Giving birth and having a child are profound emotional experiences. This article outlines some of the emotions you may encounter after having a baby.
This article provides information on the reasons why you may be feeling emotional after giving birth:
The baby blues
Supporting each other
Helping yourself feel better
Having a baby is a life-changing experience. It is physically challenging but also deeply emotional. Many new parents will feel joy and happiness but perhaps also worried and nervous about the responsibility of having a newborn to look after.
Sharing your feelings - and how you're coping with parenthood - can be daunting but also helpful. Try talking to your partner, friends and family about your emotions after birth. You might also find it reassuring to talk to other new parents who will be experiencing many of the same emotions and challenges that you are.
During the first week after giving birth, many new mums can find themselves feeling weepy and irritable. This is called the ‘baby blues’ and it is experienced by up to 80% of mums after giving birth.
There are various theories about what causes the baby blues, but no definitive answer. What is clear is suddenly your body has some major adjustments to make. You may also be experiencing a rollercoaster of emotions, such as great joy but at the same time overwhelmed with the responsibility of looking after your baby.
Symptoms of the baby blues include:
- feeling emotional and irrational,
- bursting into tears for no apparent reason,
- feeling irritable or touchy and/or
- feeling depressed or anxious.
The baby blues is not an illness and should lift, without any medical treatment, by the time your baby is around 10 days old. It is natural to experience some conflicted feelings after birth. If you’re still feeling low after this, you could have postnatal depression.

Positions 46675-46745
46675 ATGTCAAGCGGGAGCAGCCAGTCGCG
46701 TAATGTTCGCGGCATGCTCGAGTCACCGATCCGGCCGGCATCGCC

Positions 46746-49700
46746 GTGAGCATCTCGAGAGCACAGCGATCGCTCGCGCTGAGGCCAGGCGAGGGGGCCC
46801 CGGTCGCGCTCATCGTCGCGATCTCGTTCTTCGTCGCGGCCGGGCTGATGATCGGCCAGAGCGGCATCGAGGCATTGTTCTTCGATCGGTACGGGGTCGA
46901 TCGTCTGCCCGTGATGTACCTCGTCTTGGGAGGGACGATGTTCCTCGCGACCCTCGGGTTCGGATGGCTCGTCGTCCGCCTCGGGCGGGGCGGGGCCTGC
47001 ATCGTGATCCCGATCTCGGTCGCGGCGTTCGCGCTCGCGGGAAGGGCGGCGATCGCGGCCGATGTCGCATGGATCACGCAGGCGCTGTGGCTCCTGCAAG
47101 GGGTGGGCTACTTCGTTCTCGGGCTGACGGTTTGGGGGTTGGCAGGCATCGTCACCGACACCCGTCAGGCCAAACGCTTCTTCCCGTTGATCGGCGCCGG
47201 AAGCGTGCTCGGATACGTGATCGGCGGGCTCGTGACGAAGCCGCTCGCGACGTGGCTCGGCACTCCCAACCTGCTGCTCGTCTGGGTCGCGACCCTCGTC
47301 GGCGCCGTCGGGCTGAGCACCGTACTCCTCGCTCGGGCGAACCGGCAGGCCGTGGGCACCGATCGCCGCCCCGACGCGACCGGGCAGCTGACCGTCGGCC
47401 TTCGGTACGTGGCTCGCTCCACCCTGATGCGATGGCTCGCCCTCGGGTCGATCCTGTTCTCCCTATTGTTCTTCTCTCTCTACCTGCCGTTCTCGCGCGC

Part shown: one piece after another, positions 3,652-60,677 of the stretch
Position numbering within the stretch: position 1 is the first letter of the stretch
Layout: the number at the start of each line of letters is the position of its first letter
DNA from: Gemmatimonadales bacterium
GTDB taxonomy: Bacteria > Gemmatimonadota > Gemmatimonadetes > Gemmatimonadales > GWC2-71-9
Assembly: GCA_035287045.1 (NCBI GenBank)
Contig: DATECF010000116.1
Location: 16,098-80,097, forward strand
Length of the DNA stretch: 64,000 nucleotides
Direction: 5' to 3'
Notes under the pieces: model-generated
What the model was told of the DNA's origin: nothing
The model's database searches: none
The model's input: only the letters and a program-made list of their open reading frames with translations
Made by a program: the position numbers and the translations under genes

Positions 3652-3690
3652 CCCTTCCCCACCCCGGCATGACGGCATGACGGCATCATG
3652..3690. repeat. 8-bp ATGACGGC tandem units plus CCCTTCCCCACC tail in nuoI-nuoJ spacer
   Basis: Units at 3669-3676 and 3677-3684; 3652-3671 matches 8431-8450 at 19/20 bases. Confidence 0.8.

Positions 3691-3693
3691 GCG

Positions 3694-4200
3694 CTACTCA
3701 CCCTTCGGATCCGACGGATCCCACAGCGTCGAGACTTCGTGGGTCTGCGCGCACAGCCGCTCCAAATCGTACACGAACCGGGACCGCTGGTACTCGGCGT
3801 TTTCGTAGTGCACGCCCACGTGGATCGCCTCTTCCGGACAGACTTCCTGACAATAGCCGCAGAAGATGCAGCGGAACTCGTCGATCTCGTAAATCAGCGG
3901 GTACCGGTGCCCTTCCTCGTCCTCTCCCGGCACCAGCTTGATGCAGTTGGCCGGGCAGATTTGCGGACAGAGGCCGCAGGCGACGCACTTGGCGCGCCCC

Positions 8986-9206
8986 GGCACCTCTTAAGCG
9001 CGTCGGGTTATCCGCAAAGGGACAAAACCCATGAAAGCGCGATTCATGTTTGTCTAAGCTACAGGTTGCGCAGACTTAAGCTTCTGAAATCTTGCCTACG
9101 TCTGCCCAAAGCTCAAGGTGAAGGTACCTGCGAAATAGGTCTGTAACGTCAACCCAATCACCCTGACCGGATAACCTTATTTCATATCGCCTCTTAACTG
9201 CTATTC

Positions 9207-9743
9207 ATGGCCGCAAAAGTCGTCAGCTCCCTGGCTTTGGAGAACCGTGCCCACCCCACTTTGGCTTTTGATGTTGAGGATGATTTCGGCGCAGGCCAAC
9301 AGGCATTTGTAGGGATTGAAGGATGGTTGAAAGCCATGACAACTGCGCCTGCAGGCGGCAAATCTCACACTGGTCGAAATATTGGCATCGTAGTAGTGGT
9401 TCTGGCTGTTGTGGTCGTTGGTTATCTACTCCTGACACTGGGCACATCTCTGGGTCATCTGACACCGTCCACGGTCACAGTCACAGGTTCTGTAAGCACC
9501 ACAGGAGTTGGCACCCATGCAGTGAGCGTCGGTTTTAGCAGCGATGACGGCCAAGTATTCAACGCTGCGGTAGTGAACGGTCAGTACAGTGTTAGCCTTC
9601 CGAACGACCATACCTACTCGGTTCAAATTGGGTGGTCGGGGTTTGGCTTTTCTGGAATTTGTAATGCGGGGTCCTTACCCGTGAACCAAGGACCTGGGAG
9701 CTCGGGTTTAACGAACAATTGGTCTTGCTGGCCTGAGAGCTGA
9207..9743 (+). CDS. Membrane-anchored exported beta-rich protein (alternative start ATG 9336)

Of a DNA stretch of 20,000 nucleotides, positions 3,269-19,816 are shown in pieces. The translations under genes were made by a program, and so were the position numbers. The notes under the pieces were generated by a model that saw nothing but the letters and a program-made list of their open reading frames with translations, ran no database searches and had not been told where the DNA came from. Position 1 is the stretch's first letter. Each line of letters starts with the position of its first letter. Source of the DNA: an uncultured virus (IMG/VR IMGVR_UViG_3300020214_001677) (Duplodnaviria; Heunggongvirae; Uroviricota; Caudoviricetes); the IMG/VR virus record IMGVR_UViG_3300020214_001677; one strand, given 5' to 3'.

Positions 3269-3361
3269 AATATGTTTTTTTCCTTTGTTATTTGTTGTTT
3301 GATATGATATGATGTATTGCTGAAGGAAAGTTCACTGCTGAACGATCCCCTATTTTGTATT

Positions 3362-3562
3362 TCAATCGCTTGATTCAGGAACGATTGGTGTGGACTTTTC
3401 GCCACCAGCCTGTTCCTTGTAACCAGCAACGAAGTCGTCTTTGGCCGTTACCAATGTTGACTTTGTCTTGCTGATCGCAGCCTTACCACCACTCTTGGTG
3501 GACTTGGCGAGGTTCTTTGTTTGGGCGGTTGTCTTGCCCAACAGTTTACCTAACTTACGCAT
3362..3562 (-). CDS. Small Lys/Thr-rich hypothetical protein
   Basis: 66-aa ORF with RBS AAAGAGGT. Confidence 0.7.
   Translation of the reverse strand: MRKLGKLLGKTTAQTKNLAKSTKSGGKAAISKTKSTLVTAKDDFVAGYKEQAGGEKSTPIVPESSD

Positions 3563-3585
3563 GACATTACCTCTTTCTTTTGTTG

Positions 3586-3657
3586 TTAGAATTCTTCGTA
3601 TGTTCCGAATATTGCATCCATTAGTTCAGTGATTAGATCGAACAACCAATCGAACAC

Depression can affect both mums and dads in the weeks and months after birth. There is no single answer as to why some new parents are affected and not others.
Depression can be brought on by emotional and stressful events and having a baby can feel unsettling. Changes in your relationships and friendships, extreme fatigue and/or lack of sleep, chronic pain, issues from your own childhood and challenges to your sense of self can all contribute to postnatal depression (PND).
Some women may also find that relationship troubles during their pregnancy, physical health problems following the birth, financial worries and a lack of support at home could trigger PND.
For men, the increased pressures of fatherhood and associated responsibility, financial pressures and change in lifestyle, as well as changes in relationships, combined with a lack of sleep and increased workload at home, can all affect their mental wellbeing.
If you are concerned that you or your partner may have PND, it’s best to seek help and talk about how you’re feeling — try your GP or health visitor, for instance. The recovery from PND is gradual but with help and support it can get better.
Postpartum psychosis (also known as puerperal psychosis) is a serious mental illness which will require psychiatric treatment and a stay in hospital. This condition is rare, affecting only one or two mums in every 1,000, and most commonly occurs in the first month after having a baby.
The main symptoms of puerperal psychosis are delusions, hallucinations, confused thoughts and a lack of self-awareness. In very severe cases, a woman may try to harm her baby and/or herself. If you are, or know someone who may be, suffering from puerperal psychosis, you should get medical help from your GP, midwife or health visitor immediately.
It may be difficult, upsetting and frustrating to live with someone who is feeling low or depressed. It is more helpful, however, to try to support them and understand what they’re going through rather than blame them or be judgemental.
Perhaps the most important thing to recognise is that someone suffering from depression may need encouragement to seek help, and support to get it. You can also reassure them that they will feel better.